But at the end of the day there's a lot more to marriage than what you list


It is a matter of opinion what is critical to marriage.

As for the practical issues, they affect lots of other people, and should really be dealt with in other ways:

1) The UK dealt with the immigration law problem decades ago with visas for couples that were not married, could not legally marry, and acted as married - i.e. gay couples. Also, the real problem is unfeeling and xenophobic immigration laws. I do not know about the US, but in the UK other family relationships (especially adult parents and children) are no longer taken into account, often leaving people in a different country from their entire family.

IN fact the current UK government legalised gay marriage, but also stopped people with below average incomes from brining in foreign spouses, AND changed benefit laws to give couples with more than three kids a financial incentive to split up.

2) The hospital visiting problem is also shared by others: unmarried couples, single people who have fallen out with their families and want a close friend to act as next of kin etc.

3) Insurance - unmarried couples, ditto.

4) How on earth does a beneficiary being gay increase the cost of writing a will? Also, if most people cannot get a will written cheaply (or do it themselves) your elgal system is screwed up anyway.

5) inheritance tax - this is only valid point so far

6) " And every attempt at "civil unions" has failed spectacularly to give gay folks the same benefits as straight married folks." Absolutely not true. Worked perfectly in the UK for several years. Gay marriage made zero practical difference except its harder to dissolve a marriage and the word used.

graeme_p




msg:4661325
 7:01 am on Apr 8, 2014 (gmt 0)

If skin color is grounds for discrimination in employment for certain jobs (in the case you cite), then surely one's actions are legitimate grounds as well


You are missing the point. Such discrimination is ONLY allowed where skin colour is DIRECTLY relevant to the job. If you are casting an actor to play a Shaka Zulu in a film you cannot choose a white man.

where you have to market to people who include members of that group


Which essentially means, fire people with the "wrong" opinions. Should an atheist CEO gives some sort of backing to Richard Dawkins be fired because he is endorsing a position that may upset Christians (I pick Dawkins because he is contemptuous rather than disagreeing politely)?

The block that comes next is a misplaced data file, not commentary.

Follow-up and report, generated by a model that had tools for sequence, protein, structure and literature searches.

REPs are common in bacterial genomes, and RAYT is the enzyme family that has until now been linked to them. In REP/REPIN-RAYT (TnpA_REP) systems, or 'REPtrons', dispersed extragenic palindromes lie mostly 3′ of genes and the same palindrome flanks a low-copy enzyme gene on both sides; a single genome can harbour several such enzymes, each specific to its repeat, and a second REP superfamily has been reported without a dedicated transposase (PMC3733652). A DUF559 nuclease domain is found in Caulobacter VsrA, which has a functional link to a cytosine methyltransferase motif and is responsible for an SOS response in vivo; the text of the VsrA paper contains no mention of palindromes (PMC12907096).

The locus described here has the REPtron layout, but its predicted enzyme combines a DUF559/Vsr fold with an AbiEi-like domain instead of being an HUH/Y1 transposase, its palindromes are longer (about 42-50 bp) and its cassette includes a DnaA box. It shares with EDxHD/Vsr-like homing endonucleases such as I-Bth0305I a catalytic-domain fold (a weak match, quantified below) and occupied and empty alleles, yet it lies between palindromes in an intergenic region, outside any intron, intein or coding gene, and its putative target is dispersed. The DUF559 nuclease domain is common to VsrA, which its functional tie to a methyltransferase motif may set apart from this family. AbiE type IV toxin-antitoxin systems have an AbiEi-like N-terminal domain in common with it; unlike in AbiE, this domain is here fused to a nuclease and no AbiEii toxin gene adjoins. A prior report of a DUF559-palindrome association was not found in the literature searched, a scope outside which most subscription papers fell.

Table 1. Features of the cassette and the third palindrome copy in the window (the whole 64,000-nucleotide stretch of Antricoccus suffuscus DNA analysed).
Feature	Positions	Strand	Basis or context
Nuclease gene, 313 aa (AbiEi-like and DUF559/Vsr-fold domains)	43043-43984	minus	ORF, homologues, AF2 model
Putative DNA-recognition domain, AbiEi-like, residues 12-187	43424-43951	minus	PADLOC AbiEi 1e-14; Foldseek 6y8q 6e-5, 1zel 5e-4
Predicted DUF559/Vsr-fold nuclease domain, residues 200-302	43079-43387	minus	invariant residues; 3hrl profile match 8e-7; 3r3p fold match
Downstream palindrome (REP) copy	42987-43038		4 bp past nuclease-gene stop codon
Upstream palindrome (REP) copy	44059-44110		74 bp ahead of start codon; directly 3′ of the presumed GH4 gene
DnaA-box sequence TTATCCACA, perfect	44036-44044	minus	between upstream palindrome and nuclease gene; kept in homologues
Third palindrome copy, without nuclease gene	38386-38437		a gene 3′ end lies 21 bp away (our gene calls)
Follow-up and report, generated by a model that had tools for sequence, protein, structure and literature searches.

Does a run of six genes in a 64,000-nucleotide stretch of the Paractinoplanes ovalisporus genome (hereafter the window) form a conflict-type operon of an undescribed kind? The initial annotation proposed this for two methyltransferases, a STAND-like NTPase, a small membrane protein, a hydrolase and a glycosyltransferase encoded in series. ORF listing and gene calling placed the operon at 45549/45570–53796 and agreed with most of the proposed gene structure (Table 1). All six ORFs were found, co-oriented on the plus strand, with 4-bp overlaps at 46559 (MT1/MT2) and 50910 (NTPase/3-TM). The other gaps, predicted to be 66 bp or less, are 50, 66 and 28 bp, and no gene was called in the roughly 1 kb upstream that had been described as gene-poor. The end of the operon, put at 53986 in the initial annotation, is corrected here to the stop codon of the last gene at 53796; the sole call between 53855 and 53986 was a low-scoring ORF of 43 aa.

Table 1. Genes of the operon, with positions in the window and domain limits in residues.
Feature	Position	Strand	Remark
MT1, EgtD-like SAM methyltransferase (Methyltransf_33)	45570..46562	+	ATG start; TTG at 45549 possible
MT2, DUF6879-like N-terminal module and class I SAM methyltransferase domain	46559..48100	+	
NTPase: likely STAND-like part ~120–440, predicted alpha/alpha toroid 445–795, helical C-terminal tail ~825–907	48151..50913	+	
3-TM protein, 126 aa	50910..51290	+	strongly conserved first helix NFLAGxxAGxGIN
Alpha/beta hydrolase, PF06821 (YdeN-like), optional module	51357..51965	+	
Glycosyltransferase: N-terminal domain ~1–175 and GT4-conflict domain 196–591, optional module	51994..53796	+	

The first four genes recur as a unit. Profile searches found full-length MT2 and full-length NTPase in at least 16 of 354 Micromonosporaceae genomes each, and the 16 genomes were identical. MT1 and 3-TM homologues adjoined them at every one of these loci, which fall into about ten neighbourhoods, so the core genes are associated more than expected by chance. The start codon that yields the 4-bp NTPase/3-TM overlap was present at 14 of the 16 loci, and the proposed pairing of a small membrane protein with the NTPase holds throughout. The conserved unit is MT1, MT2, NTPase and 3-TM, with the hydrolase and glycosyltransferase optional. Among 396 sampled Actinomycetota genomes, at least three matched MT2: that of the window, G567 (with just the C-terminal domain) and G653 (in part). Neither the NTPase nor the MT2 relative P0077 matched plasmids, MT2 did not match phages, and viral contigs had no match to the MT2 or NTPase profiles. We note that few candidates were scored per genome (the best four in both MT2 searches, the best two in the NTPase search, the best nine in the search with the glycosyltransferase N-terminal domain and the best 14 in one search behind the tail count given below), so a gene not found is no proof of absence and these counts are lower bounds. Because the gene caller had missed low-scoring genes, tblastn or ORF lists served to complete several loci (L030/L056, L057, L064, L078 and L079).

All you have demonstrated with that comment is how hate-filled an intolerant "that group" are!

NB: by "that group" I mean vocal activists, not gays in general.

ronin




msg:4661337
 8:56 am on Apr 8, 2014 (gmt 0)

Which essentially means, fire people with the "wrong" opinions.


Which sounds awful. Not the kind of society any of us would want to live in, I imagine.

But this all sounds like a convenient backdoor for those who wish to make society more discriminatory.

If donating privately to political campaigns is regarded as a private matter, even though it may have public consequnces;

If the public consequences of that political campaign (it could be a ban - or ongoing prevention - of social, religious, cultural practices or a promotion of repatriation) cause an individual (or many individuals) unnecessary upheaval, discomfort, ongoing unhappiness;

If those donations remain secret (because they are a private matter);

If potentially affected individuals continue to act as customers / work as employees, thus bolstering (ultimately) the private wealth of the donor - enabling that donor to make more donations which continue to cause those individuals upheaval, discomfort, ongoing unhappiness;

Then... all those customers and employees are acting (entirely unknowingly) as self-saboteurs.

There would reasonably need to be some sort of "health warning", wouldn't there?

graeme_p




msg:4661445
 3:23 pm on Apr 8, 2014 (gmt 0)

It looks like the key people behind the campaign against Eich were incredibly hypocritical. The CEO of OKCupid donated to a politician who voted against a ban on anti-gay job discrimination: [motherjones.com...]

I cannot think of any possible justification for discriminating against gays in matters of employment.

@ronin, almost every political campaign causes someone upheaval or distress if successful. People donate precisely to campaigns over controversial issues - there is no point campaigning over an issues that there is a broad consensus on (unless you are trying to change that consensus).

I am sure much of what I buy, and many places I have worked, supports things I am opposed to. I have even promoted things I am very much against as part of my work (because it was my job to give people unbiased advice and the ethics of it was up to them). I have to pay taxes whether or not I agree with what the government does with them. It is entirely unavoidable without opting out of the economy altogether.

incrediBILL




msg:4661660
 12:52 am on Apr 9, 2014 (gmt 0)

We're drifting too off topic and I think all the points have been covered.

Closing this thread.